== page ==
Cardenas testified on Wednesday that her surgeon implanted Boston Scientific’s device to treat her stress urinary incontinence. She said she began suffering from pain more than a year later and underwent a hysterectomy before doctors discovered the mesh’s erosion. Her physician, Dr. Lane Childs, ultimately removed most of the sling, though she said he told her that portions of the mesh could not be removed.

“I’m scared,” she said. “I don’t know if that could have any more complications, what kind of complications…. I just don’t want to go through any more surgeries.”

However, on cross examination, defense counsel sought to establish Cardenas’s informed consent to the pelvic sling surgery and its risks. Cardenas acknowledged that, prior to surgery, she had signed a consent form that warned of a variety of complications, including reactions requiring the removal of the device. However, Cardenas testified that she could not recall actually discussing or reading specific warnings about the procedure.

Cardenas also told jurors that Childs, was “very surprised” that the pelvic mesh eroded. Cardenas acknowledged earlier deposition testimony where she said Childs “mentioned he’d had 100% success with his surgeries, and I was just that 1%.”

Related Information

View live and on-demand video of Maria Cardenas v. Boston Scientific Corp.

 

 

Daughter in Engle Progeny Tobacco Suit Says Father “Was Always Trying to Quit Smoking”

August 20th, 2014  |  by CVN  |  Published in Engle Progeny, Mass Torts, Negligence, Tobacco Litigation

Lisa Rodd, one of Dale Moyer’s daughters, details her relationship with her father and describes how he was unable to quit smoking. Moyer’s family is suing R.J. Reynolds and other tobacco manufacturers in one of Florida’s Engle progeny suits.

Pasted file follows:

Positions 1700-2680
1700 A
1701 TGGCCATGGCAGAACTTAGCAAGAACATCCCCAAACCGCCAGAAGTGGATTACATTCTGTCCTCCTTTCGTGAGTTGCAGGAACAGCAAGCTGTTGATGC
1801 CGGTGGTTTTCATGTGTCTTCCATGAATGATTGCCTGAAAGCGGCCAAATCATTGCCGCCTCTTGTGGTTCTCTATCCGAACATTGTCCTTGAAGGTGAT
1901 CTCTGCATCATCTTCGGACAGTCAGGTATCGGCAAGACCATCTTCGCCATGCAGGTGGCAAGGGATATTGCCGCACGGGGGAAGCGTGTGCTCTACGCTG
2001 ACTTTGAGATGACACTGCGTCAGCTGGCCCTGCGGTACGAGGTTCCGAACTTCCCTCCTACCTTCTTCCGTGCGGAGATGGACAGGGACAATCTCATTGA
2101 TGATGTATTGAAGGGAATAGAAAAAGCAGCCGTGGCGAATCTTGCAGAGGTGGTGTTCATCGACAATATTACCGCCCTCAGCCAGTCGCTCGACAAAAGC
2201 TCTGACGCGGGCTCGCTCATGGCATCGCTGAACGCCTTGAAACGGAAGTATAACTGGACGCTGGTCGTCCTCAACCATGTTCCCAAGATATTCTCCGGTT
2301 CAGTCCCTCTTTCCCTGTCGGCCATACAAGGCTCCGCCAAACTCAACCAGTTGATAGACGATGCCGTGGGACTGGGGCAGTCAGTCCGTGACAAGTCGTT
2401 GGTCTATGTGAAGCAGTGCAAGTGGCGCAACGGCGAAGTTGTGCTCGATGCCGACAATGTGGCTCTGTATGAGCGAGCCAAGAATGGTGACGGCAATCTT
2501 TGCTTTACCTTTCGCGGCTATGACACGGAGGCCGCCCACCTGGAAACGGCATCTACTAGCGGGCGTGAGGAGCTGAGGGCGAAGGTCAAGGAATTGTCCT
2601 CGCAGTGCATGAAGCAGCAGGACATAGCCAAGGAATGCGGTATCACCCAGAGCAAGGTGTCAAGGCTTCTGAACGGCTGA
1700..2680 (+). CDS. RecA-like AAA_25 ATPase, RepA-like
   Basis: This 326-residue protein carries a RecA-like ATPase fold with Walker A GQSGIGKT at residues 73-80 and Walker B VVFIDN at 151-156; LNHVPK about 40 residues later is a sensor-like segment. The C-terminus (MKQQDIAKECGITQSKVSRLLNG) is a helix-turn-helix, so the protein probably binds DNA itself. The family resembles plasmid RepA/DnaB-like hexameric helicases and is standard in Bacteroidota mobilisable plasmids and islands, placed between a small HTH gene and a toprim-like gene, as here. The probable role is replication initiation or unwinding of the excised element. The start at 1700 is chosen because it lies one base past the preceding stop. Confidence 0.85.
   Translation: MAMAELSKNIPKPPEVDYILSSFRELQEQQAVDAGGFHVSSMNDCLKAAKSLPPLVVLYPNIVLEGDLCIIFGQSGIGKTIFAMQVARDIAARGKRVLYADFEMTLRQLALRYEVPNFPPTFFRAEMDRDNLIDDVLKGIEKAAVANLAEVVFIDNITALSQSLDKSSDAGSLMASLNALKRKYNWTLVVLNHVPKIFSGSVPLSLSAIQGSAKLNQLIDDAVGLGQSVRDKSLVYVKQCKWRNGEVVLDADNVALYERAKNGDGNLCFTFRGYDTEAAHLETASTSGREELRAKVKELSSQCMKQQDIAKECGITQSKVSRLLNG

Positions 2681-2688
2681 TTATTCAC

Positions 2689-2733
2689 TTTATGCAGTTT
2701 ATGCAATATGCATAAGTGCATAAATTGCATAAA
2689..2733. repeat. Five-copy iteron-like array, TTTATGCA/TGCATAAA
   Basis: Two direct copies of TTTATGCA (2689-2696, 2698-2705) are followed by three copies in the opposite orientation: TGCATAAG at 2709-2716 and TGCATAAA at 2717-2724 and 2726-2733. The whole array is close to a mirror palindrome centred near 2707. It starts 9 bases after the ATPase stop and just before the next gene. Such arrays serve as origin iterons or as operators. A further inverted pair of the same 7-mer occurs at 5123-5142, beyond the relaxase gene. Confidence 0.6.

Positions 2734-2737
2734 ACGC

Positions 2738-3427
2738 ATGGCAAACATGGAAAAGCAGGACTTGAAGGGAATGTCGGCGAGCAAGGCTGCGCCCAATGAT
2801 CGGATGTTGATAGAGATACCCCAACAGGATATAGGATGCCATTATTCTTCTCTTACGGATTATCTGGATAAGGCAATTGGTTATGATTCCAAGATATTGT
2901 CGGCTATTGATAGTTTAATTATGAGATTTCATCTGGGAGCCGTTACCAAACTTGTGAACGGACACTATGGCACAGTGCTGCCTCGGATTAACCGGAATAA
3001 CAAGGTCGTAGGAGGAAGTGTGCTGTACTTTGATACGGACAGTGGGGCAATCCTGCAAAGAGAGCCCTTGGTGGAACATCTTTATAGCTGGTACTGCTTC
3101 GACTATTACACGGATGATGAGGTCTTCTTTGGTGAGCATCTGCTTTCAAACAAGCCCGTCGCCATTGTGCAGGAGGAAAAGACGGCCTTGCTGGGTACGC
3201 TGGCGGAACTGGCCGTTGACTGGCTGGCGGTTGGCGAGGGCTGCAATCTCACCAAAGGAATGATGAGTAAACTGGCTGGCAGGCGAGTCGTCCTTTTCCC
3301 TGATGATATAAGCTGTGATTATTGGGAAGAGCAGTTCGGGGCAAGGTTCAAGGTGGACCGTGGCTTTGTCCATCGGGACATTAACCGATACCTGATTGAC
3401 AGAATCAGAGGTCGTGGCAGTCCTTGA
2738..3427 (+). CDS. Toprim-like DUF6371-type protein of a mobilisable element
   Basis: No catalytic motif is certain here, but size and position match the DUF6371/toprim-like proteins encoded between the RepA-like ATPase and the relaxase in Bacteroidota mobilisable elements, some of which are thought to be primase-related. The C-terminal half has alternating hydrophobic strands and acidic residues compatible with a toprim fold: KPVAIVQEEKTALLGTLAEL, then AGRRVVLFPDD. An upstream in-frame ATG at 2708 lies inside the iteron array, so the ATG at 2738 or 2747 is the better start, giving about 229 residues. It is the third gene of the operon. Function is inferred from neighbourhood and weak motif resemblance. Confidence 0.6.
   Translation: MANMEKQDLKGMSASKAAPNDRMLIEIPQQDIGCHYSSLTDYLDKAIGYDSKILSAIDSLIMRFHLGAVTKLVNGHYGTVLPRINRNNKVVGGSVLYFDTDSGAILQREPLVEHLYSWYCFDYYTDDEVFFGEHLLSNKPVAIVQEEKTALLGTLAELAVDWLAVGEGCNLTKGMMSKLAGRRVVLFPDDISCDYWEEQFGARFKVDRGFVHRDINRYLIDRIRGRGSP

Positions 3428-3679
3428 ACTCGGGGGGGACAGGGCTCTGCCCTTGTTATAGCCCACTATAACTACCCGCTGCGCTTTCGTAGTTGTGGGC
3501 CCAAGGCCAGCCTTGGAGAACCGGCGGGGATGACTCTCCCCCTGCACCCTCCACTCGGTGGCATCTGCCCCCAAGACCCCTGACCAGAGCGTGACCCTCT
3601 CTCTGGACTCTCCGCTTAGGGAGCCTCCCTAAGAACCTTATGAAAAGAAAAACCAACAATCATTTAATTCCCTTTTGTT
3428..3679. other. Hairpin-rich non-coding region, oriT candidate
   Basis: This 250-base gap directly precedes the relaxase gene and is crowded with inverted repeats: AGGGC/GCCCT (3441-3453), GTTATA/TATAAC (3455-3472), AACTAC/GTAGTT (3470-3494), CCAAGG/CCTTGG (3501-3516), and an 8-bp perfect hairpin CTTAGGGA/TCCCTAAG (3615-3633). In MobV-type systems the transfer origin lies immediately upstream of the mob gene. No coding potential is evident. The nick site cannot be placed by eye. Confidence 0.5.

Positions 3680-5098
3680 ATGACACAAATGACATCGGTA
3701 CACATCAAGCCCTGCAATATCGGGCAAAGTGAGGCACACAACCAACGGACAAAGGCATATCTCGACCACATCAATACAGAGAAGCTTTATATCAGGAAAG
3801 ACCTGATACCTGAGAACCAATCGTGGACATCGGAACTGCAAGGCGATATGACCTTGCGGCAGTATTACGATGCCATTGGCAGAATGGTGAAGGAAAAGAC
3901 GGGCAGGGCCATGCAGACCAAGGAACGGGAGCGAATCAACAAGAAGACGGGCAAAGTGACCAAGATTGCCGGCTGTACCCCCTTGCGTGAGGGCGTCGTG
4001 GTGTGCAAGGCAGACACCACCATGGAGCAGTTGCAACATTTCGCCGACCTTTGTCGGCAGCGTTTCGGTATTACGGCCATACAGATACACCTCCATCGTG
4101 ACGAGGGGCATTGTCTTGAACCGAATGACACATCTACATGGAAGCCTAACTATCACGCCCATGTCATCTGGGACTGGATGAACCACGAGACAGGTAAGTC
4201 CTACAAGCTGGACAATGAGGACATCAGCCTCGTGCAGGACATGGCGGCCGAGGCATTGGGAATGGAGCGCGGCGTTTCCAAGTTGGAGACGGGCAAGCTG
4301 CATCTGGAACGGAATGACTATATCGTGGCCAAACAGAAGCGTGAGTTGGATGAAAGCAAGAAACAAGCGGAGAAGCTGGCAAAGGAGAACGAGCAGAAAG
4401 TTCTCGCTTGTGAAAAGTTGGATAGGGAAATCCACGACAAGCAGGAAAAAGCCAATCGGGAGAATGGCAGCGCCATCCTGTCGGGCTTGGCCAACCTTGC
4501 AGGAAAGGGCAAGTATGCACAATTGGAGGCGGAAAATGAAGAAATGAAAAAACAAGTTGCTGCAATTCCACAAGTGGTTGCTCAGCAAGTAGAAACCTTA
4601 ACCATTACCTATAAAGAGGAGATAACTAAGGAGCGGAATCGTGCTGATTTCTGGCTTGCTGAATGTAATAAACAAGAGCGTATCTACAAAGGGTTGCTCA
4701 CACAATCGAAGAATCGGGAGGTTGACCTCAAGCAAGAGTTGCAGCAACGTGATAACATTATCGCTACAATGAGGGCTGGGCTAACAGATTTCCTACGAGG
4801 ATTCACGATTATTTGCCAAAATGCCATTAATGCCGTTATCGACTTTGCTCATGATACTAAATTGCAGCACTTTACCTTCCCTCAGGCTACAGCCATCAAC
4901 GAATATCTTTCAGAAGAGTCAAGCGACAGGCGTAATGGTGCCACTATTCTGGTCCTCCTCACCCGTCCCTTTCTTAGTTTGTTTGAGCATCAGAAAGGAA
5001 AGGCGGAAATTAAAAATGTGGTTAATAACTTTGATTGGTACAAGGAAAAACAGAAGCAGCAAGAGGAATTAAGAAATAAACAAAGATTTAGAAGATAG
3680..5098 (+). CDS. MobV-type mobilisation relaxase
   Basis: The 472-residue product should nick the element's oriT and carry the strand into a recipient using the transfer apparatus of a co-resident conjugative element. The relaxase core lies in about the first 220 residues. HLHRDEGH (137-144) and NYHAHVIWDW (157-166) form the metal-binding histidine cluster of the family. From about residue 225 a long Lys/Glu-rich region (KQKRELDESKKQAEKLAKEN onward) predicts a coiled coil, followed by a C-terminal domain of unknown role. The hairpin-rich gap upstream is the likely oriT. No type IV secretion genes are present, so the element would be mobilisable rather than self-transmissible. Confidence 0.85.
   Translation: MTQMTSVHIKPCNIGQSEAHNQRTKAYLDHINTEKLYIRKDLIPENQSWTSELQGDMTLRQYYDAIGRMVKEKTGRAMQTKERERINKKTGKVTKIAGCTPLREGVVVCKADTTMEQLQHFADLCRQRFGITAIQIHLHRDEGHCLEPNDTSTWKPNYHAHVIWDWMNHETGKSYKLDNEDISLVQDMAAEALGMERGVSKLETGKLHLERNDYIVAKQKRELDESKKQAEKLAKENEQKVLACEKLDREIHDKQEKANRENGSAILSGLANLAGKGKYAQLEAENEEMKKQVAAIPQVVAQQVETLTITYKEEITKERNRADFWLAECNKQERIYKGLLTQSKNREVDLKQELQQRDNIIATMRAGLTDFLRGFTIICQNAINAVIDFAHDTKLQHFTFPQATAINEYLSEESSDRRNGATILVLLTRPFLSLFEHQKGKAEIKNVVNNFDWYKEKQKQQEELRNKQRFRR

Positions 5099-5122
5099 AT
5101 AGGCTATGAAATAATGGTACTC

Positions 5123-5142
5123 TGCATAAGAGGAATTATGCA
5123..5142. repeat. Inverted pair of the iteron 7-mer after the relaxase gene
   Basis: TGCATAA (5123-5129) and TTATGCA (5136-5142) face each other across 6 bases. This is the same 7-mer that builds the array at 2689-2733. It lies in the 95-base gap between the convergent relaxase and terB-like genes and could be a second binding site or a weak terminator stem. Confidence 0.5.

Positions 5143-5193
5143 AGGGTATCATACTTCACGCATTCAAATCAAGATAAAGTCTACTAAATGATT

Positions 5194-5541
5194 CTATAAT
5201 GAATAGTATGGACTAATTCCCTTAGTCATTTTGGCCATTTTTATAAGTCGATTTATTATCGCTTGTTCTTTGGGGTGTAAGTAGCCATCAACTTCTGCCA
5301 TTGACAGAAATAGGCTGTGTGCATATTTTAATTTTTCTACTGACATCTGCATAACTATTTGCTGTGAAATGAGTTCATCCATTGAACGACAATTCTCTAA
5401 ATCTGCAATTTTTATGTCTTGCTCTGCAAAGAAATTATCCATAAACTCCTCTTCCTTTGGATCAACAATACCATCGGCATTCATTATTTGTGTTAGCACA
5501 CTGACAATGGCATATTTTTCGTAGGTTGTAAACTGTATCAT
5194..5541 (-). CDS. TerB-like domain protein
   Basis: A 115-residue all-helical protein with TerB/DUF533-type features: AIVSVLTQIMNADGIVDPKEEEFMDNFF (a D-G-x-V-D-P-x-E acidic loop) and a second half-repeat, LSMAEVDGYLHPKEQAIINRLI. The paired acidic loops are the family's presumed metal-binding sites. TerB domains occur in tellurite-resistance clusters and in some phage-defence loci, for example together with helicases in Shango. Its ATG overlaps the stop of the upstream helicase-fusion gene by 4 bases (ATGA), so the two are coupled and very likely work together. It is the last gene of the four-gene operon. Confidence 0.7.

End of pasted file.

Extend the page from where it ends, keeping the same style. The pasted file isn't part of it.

Lisa Rodd, one of Dale Moyer’s daughters, details her relationship with her father and describes how he was unable to quit smoking. Moyer’s family is suing R.J. Reynolds and other tobacco manufacturers in one of Florida’s Engle progeny suits. Click here to view the clip.


In one of the first Engle progeny tobacco trials since a landmark punitive award against cigarette manufacturers, a deceased smoker’s daughter described her father as a nicotine addict who wanted to quit smoking throughout his decades-long habit. Heather Irimi, et al. v. R.J. Reynolds Tobacco Co., et al.

Lisa Rodd testified that her father, Dale Moyer, “was always trying to quit smoking.” “He hated it,” she said. “It was nasty and dirty.”

Rodd said she saw Moyer with a variety of smoking cessation aids, including nicotine gum and patches, and that he disliked how smoking affected his appearance. “He used to get his nails done to try to get rid of the stink on his fingers,” Rodd said. “He cared about his appearance and this was killing him.”

Dale Moyer, a smoker for more than 40 years, ultimately quit the habit after being diagnosed with chronic pulmonary obstructive disease in 1993. He died in 2013 after suffering from a variety of medical issues. Moyer’s family is suing R.J. Reynolds, Lorillard Tobacco Co., and Liggett Group Inc., claiming Moyer’s smoking caused his COPD and other health problems. They also contend tobacco manufacturers conspired to conceal the dangers of smoking and made false claims about filtered cigarettes and “light” brands  to further the coverup. The suit is one of thousands of Engle progeny tobacco actions in Florida, and one of the first to be tried since a jury awarded another Engle plaintiff $23.6 billion in punitive damages in Cynthia Robinson v. R.J. Reynolds Tobacco, et al.

During her testimony, Rodd detailed her close relationship with her father, but described him as a regular smoker throughout most of her life. Rodd said she was happy when she learned her father had begun smoking  “light” cigarettes because she believed they would not be as dangerous.